Michigan governor says Trump’s words inspire extremists
LANSING, Mich. (AP) — Hours after police foiled an alleged plot to kidnap her, Michigan Gov. Gretchen Whitmer argued in a speech Thursday that President Donald Trump’s words had been a “rallying cry” for extremists.
Whitmer, a Democrat, said the Republican president has spent the last seven months of the coronavirus pandemic “denying science, ignoring his own health experts, stoking distrust, fomenting anger and giving comfort to those who spread fear and hatred and division.”
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She singled out Trump’s debate comments, when he did not condemn white supremacist groups and told one far-right extremist group to “stand back and stand by.”
“Hate groups heard the president’s words not as a rebuke, but as a rallying cry,” Whitmer said. “When our leaders speak, their words matter. They carry weight. When our leaders meet, encourage or fraternize with domestic terrorists, they legitimize their actions and they are complicit. When they stoke and contribute to hate speech, they are complicit.”
There is no indication in the criminal complaint that the men arrested were inspired by Trump. Authorities also have not publicly said whether the men were angry about Whitmer’s coronavirus orders, which sharply curtailed businesses and individuals in an effort to slow the spread of the virus.
Democrat Joe Biden sought to tie Trump to the plot as well, pointing to the president’s tweet earlier this year to “LIBERATE MICHIGAN!” Whitmer’s coronavirus response has faced criticism from conservatives, and the GOP-led Michigan Legislature sued her in May to try to invalidate her stay-at-home order and other measures.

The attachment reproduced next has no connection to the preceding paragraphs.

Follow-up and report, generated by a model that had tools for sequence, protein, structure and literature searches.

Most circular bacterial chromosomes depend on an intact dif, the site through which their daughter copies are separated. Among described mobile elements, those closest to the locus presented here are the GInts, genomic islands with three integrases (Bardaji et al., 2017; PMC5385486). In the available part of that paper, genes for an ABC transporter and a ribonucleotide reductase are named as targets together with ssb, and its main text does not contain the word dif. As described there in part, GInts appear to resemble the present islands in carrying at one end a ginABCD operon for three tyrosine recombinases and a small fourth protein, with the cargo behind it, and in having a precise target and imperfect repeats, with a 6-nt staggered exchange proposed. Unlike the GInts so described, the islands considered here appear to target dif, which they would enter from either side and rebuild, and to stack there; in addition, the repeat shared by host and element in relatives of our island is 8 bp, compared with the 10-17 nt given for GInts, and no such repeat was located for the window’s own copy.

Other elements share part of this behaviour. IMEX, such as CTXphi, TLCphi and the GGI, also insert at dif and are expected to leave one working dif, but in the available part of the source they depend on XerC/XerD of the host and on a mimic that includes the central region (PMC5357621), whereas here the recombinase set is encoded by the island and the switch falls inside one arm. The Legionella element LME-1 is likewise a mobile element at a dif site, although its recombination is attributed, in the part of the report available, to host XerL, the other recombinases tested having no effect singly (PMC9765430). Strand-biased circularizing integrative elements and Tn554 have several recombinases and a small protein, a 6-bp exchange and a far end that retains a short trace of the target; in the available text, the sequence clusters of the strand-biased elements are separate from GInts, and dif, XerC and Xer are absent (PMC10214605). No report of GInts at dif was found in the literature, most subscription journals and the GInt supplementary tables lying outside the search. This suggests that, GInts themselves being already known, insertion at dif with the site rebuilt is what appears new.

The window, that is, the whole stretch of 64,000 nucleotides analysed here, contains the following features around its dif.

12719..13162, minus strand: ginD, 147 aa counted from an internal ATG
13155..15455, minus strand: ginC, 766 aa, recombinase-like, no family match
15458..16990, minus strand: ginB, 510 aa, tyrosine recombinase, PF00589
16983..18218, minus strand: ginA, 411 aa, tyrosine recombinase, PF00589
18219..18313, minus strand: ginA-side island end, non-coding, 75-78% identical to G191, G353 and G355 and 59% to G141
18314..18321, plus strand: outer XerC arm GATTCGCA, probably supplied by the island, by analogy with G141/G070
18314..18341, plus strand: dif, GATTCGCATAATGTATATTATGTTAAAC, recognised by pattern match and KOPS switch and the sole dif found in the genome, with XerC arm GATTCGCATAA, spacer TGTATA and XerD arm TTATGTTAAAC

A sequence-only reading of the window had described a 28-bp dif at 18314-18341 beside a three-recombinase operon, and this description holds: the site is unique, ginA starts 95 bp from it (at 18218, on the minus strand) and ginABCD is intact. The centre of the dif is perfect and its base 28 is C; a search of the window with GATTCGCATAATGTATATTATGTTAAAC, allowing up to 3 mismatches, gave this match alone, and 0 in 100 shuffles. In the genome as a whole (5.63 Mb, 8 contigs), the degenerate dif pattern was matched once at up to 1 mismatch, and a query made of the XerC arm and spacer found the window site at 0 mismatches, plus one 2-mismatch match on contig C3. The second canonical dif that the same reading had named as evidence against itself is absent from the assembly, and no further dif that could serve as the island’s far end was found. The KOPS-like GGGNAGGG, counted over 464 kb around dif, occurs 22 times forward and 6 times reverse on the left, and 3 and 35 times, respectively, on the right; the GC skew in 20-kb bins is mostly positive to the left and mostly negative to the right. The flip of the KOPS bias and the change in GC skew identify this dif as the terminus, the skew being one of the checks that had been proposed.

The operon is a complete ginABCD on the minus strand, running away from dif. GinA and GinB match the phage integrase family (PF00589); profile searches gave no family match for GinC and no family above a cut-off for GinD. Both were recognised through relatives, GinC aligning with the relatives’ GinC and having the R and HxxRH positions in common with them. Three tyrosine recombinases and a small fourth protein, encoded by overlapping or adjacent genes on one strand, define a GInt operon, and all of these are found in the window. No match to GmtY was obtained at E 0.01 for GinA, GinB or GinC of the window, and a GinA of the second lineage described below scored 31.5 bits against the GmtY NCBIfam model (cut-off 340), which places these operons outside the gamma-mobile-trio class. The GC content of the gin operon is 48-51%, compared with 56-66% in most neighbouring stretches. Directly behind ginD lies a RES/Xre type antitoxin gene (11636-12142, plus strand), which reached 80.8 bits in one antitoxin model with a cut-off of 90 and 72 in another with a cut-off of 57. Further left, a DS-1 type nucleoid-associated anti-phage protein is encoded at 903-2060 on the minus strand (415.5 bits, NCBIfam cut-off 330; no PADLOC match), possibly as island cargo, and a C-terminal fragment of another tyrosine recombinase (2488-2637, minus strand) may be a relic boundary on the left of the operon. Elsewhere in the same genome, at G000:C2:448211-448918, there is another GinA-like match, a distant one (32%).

The arrests and Whitmer’s comments come less than a month before the presidential election in a key battleground state, where recent polls show Biden has a lead.
Six men were charged in federal court with conspiring to kidnap the governor in reaction to what they viewed as her “uncontrolled power,” according to a federal complaint. Separately, seven others were charged in state court under Michigan’s anti-terrorism laws for allegedly targeting police and seeking a “civil war.”
Trump criticized Whitmer’s remarks, saying she has done a “terrible job” and should open the state. Her stay-at-home order was lifted months ago, but mask requirements and gathering restrictions remain.
The president tweeted that “my” Justice Department and federal law enforcement had thwarted a dangerous plot against her.
“Rather than say thank you, she calls me a White Supremacist,” he tweeted before accusing Biden and Democrats of not condemning “looters and mobs that burn down” Democratic-run cities. Whitmer did not call Trump a white supremacist but accused him of “giving comfort” to hate groups. Biden has condemned violence at protests.
“I do not tolerate ANY extreme violence,” Trump said. “Defending ALL Americans, even those who oppose and attack me, is what I will always do as your President!”
Whitmer also called for kindness and empathy during the pandemic and issued a warning to those who threaten violence.
“Hatred, bigotry and violence have no place in the great state of Michigan,” she said. “If you break the law or conspire to commit heinous acts of violence against anyone, we will find you, we will hold you accountable and we will bring you to justice.”
This story has been corrected to reflect that Trump said “stand back and stand by,” not “stand up and stand by.”
Schulte reported from Omaha, Neb.
This article was written by GRANT SCHULTE and DAVID EGGERT from The Associated Press and was legally licensed through the Industry Dive publisher network. Please direct all licensing questions to email@example.com.
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